After a, Europe's data privacy watchdogs have drawn up a list of measures they'd like to see the search giant implement.
Back in 2012, Google merged all of the privacy policies for its individual services into a single, unified policy. That decision , which found it to be against European law. France's data protection watchdog CNIL subsequently , while six other countries' regulators have started legal proceedings against the company over the matter.
On Thursday, the Article 29 Working Party – an organisation made up of Europe's local data watchdogs and known as WP29 – published a series of recommendations that it believes would bring Google back on the right side of the law.
The WP29 also recommends that privacy policies should be made available for all Google devices, including those from its smart home business Nest. Given Nest devices don't have typical Google UIs, the policies should be shown when the devices are first configured on, for example, a user's PC.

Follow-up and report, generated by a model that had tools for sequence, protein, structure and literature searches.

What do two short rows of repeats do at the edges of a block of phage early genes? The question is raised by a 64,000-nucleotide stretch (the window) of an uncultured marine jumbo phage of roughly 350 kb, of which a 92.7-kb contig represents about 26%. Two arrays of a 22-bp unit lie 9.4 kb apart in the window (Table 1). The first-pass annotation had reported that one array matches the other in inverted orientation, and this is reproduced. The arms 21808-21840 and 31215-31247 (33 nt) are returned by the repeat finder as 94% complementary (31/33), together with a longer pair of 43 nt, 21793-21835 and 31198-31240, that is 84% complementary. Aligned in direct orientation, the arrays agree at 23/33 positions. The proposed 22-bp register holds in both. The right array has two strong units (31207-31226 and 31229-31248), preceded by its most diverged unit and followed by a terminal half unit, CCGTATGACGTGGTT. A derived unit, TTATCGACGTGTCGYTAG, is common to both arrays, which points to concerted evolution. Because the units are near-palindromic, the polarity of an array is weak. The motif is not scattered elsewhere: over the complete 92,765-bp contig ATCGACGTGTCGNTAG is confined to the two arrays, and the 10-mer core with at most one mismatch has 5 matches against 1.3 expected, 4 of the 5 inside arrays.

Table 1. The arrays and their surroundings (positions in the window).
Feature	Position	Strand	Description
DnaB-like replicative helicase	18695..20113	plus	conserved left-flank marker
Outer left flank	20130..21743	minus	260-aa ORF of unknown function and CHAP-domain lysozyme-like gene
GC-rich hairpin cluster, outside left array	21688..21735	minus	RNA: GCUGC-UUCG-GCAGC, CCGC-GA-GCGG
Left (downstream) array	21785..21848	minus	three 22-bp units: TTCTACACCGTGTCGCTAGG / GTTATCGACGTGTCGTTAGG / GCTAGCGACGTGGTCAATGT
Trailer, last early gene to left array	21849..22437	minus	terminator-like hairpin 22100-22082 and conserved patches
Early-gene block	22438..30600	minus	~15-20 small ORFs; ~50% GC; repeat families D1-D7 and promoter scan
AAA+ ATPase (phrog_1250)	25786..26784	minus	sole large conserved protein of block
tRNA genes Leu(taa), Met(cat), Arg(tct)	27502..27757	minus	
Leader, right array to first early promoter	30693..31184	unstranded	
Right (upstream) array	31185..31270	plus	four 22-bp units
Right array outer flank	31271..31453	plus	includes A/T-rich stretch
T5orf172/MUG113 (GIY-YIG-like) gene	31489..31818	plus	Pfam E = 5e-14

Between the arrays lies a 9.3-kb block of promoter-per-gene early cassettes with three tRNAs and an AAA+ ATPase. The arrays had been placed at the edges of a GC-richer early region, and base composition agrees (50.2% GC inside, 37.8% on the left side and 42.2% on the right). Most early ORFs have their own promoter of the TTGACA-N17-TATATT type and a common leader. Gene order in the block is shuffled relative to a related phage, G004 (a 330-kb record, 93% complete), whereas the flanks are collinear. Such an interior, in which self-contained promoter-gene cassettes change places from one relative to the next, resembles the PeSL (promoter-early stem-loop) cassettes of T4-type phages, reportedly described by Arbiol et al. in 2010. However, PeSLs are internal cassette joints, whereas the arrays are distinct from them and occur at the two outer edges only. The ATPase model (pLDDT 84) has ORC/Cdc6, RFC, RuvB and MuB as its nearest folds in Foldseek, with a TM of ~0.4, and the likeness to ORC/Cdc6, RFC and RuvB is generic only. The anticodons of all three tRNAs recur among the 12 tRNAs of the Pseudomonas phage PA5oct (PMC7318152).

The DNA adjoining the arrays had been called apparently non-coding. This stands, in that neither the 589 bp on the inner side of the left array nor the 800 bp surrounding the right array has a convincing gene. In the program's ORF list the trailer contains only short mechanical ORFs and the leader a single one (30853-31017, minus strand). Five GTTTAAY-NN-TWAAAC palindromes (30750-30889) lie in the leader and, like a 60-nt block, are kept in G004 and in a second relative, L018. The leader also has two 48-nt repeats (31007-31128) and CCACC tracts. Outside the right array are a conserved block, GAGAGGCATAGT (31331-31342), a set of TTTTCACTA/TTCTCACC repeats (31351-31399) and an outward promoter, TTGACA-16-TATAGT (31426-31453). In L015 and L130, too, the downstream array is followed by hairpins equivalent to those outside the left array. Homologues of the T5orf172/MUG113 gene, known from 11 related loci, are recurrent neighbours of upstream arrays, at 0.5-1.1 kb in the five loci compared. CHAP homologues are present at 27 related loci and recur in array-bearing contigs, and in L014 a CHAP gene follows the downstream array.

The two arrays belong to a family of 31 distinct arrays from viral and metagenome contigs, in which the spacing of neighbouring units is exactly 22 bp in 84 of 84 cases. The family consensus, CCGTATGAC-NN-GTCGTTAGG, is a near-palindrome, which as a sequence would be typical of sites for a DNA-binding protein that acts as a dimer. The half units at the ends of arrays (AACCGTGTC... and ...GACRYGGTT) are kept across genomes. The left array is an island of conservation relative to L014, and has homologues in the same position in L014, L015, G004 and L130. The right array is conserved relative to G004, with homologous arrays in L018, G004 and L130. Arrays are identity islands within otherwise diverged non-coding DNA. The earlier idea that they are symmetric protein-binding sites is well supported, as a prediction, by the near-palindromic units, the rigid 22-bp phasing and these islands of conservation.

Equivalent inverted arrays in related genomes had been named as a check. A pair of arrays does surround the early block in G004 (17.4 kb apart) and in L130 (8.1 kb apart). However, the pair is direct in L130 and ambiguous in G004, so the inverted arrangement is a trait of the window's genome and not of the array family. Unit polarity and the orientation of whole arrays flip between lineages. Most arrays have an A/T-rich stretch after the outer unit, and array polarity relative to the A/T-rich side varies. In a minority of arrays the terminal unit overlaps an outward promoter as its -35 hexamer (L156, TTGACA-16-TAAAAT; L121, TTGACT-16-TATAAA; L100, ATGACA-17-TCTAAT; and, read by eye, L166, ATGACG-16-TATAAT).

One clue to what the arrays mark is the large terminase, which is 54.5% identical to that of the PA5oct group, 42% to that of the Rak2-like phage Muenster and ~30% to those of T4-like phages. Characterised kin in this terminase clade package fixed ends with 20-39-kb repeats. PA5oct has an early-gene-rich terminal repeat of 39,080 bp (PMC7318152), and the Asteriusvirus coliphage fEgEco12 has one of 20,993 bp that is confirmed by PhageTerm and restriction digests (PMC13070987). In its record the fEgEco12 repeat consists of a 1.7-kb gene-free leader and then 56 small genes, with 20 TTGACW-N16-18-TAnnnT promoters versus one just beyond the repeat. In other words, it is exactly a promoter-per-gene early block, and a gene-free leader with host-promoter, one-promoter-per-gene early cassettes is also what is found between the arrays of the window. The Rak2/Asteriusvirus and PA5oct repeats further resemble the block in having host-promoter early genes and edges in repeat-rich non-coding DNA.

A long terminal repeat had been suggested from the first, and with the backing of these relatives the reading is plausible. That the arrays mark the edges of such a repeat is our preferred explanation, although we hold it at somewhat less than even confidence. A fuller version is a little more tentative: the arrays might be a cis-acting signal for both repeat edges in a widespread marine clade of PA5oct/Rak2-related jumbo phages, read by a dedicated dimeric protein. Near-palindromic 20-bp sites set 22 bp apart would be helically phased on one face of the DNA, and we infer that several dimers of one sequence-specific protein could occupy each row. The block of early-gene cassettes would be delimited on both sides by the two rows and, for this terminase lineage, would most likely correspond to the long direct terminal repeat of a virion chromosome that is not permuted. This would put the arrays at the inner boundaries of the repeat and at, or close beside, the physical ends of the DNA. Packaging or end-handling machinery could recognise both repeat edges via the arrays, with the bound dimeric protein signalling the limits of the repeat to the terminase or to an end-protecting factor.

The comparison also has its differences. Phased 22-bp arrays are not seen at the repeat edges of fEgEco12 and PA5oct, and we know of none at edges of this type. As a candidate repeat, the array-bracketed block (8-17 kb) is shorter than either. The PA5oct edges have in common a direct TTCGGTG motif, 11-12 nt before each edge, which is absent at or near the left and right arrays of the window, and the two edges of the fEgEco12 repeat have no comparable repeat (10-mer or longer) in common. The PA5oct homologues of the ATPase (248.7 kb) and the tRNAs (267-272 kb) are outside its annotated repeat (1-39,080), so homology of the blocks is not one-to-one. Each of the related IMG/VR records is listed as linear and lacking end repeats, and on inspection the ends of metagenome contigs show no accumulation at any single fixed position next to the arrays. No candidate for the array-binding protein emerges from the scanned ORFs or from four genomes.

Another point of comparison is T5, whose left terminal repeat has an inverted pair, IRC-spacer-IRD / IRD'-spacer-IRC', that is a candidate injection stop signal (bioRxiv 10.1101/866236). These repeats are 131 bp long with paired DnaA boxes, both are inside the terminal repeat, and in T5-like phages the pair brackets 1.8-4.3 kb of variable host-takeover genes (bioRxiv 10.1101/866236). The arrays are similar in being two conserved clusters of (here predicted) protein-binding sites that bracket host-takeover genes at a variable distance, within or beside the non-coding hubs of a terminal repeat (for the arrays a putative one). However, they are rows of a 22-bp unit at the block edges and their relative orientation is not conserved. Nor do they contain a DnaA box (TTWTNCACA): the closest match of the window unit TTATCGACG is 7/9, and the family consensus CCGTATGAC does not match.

Data watchdogs also want to see Google do better at helping users decide how their data should and shouldn't be used. "Google must provide users with more elaborate tools to manage their personal data," it said, including allowing users to configure settings individual for each Google services they use.
The body also suggests that Google provide details of its anonymisation practices and data retention policies.
"The recommendations are provided for illustrative purposes only and may not be the only means by which Google could achieve compliance. They should be regarded as potential solutions in order to give practical suggestions as to how the requirements could be fulfilled. They do not pre-empt enforcement actions by national authorities based on national law," the WP29 said.
The full set of recommendations can be found here (PDF). Google declined to comment on this story.